Go to a live recording of a radio programme. It's good fun, professionally run and as it has a multitude of guests from all around the festival. On Suzie Klein's Radio 3 Drivetime programme we had Peter Florence, the founder of Hay; maths guru Marcus du Sautoy, psychologist Oliver James, historian and writer of a new book on 1913 Charles Emmerson and my favourite of them all, Amit Chaudhuri who was talking about his new tome on Calcutta. We also saw the brilliant Ian Macmillan with band called Wora, writers Rupert Thomson and Tiffany Murray and a Welsh language poet Menna Elfyn.

Get kids to do stuff. Doesn't matter what, but it helps them get something out of a poet, writer or an illustrator if they can join in. We saw Dan Abnett, a writer of comic books do a whole session on how to draw a dragon.

Talk to people. OK, so my kids thought the risk of talking to a Tarquin was too much of a stretch out of their comfort zones, but it's always really nice to chat to people in queues and at the shop about their experience. And I have yet to regret stopping to chat to an author you recognise. They are always pleased to do so.

Some events are seemingly unrelated to books, ideas or anything at all, but they work. Take Michael Vaughan on the Ashes. He said more about team work and workplace psychology than any amount of experts.

Travelling through Wales, or England? We drove there via Wrexham and then through mid-Wales. It was beautiful, but exhausting. The drive home via Leominster and Shopshire and Cheshire was quicker and easier. We did the train in a day last year and it was harder work than it should have been.

Asda and the College scrap their plans - so what now?

It was announced this week that Asda and Cheadle and Marple College have scrapped their plans to build a supermarket on Hibbert Lane. I welcome this news as it was a bad scheme, badly thought through, poorly located and the wrong solution to local challenges.

However, it throws into the mix the possibilities of what should happen now. I liked the conciliatory line in the statement about consulting with the community about the best use for the site, but ultimately it is a matter for the governors of the college to fulfill their duties to provide education in a sustainable way and be responsible for their estates, here's the statement:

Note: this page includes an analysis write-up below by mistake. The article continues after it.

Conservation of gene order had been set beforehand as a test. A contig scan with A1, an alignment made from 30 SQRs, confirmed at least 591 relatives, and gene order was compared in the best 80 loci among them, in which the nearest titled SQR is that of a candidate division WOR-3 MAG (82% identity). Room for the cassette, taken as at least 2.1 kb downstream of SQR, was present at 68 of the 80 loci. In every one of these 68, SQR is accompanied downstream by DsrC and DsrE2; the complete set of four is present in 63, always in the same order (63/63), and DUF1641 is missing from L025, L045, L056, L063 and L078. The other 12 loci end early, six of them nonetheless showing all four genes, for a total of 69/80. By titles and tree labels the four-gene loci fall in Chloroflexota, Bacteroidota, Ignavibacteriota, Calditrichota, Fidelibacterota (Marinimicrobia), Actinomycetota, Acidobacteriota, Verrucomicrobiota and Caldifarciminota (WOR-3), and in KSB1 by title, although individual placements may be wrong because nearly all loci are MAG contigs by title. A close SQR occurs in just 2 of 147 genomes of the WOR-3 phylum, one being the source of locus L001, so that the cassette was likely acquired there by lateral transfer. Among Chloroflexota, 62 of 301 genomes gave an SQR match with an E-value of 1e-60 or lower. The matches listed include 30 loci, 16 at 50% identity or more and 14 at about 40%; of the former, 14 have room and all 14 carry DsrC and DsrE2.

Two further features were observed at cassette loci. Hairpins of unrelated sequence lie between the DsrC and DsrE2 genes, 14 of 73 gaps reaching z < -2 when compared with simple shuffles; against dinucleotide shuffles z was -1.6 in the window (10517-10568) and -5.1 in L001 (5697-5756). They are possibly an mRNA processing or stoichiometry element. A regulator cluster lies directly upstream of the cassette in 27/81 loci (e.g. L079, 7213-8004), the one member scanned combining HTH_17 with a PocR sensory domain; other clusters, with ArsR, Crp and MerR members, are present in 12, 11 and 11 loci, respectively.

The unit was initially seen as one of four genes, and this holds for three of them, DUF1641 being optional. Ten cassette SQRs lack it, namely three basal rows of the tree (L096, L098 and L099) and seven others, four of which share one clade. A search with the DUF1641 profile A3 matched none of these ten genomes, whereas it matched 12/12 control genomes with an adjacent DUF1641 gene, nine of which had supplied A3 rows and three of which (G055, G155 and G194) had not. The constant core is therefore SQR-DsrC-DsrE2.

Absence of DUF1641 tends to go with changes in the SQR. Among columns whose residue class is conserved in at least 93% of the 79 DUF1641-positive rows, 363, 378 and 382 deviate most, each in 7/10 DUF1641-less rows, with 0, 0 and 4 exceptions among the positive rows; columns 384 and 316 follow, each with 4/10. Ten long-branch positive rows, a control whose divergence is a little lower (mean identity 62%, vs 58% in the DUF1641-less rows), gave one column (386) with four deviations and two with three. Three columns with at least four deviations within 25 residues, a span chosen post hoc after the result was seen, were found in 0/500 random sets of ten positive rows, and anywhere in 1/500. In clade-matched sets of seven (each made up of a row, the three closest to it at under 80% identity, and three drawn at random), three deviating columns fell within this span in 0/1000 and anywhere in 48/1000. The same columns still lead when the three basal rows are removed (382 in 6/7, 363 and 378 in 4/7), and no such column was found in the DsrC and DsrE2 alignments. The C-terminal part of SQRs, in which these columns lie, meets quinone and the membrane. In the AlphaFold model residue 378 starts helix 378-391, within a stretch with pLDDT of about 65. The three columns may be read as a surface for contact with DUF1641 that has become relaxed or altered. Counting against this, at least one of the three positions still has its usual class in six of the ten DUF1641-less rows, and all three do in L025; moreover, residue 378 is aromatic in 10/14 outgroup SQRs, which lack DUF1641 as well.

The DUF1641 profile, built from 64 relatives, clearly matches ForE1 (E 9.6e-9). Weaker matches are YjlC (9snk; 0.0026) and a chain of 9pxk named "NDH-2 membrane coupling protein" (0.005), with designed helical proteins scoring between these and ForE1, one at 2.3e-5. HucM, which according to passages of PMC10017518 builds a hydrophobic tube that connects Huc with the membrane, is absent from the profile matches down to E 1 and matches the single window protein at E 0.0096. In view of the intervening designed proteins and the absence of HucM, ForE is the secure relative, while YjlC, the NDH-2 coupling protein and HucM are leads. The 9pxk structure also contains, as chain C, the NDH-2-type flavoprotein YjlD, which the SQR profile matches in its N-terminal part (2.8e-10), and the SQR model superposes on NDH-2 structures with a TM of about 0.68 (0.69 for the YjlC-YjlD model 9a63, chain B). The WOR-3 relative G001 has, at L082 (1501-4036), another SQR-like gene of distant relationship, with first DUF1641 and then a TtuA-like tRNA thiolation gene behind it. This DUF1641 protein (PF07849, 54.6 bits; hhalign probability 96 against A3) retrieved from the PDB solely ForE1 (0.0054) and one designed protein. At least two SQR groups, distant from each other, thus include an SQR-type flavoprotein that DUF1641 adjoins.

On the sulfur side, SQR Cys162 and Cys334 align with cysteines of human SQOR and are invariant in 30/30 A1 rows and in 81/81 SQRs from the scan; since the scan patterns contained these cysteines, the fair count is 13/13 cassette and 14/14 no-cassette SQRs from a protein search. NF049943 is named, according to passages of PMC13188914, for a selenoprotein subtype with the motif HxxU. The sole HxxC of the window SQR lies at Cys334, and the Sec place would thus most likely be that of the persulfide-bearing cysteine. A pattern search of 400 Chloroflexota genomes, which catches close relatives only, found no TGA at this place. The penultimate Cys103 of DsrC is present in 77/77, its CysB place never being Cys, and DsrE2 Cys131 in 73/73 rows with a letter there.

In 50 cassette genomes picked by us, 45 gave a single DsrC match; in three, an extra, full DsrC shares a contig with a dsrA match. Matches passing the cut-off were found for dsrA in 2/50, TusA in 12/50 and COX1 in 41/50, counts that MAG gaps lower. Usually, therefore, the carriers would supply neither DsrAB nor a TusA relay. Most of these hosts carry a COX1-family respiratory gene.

"Following the refusal of planning permission at the planning and highways committee, both the College and Asda have been carefully considering their position and contractual obligations.  Both parties have been in discussions with each other and their respective Boards about their appetite to proceed and the prospect of an appeal.  Both parties have indicated a preference to withdraw from the contract by mutual consent and have instructed solicitors to draft  an agreement in this respect.

"The College has been considering a number of options of how to proceed and would very much like to work with the Marple Community to explore a way forward.  It is our intent to collaborate and consult with key stakeholders in this respect." 
So here are a few new challenges for the community leader who articulated so powerfully what needs to be done next.

The College. There is no doubt that the College needs to do something new, and it needs to get a move on. Other colleges and schools are so much better equipped. Resources are tight, but the need to have a new campus, possibly on Buxton Lane will have to be costed within what is possible from developing Hibbert Lane for housing.

Chadwick Street Site. This development will also encourage Kirkland to proceed with plans for a town centre store. I've pondered before whether Marple is an Aldi or a Waitrose kind of place. I'm pretty certain the store was designed with Waitrose in mind, it is now a commercial decision as to whether they want to proceed.

Traffic. Something needs to be done about the roads round here. They just don't function properly. The traffic management is all wrong. I like what's been done in Poynton, but there are too many complicated one way routes at the moment and unflowing movements for it to flow round here.

Independent retailers. Free markets throw up the possibility of risk that a business won't work. I don't necessarily just shop at local independents just because they are independent. I welcome well run branded multiple retailers: I go to Greenhalgh's because I like their Broccoli soup, I get repairs done at Zipyard because they are friendly and cheap. This is not the devil at work. Everywhere has empty shops too, good ideas will come to the fore. But it's important that a college is supported in Marple, or many of these butty bars and pie shops will go out of business. 

Sports facilities. The football pitches and sports grounds round here are woeful. Marple Hall School astroturf is a misnomer, it's concrete with a thinning carpet. The swimming pool and gym are pretty ropey too. So, in working out what next for different land sites, surely this should be factored in. The set  in Woodley is good, but it's 4 miles away, and it's expensive. It should be factored in. And I don't accept that putting up full size posts on an unplayable pitch on Hawk Green is a meaningful contribution to local sports.

The media. How rubbish is it that the local weekly paper is so stuck in the cycle of weekly news there is no news outlet for news of this importance for Stockport and for Marple? Even the press statement seems to have been sent to the local messageboard.

I don't like saying NO to progress, so I look forward to the day when I can have a YES poster in my window for something positive and bold in Marple.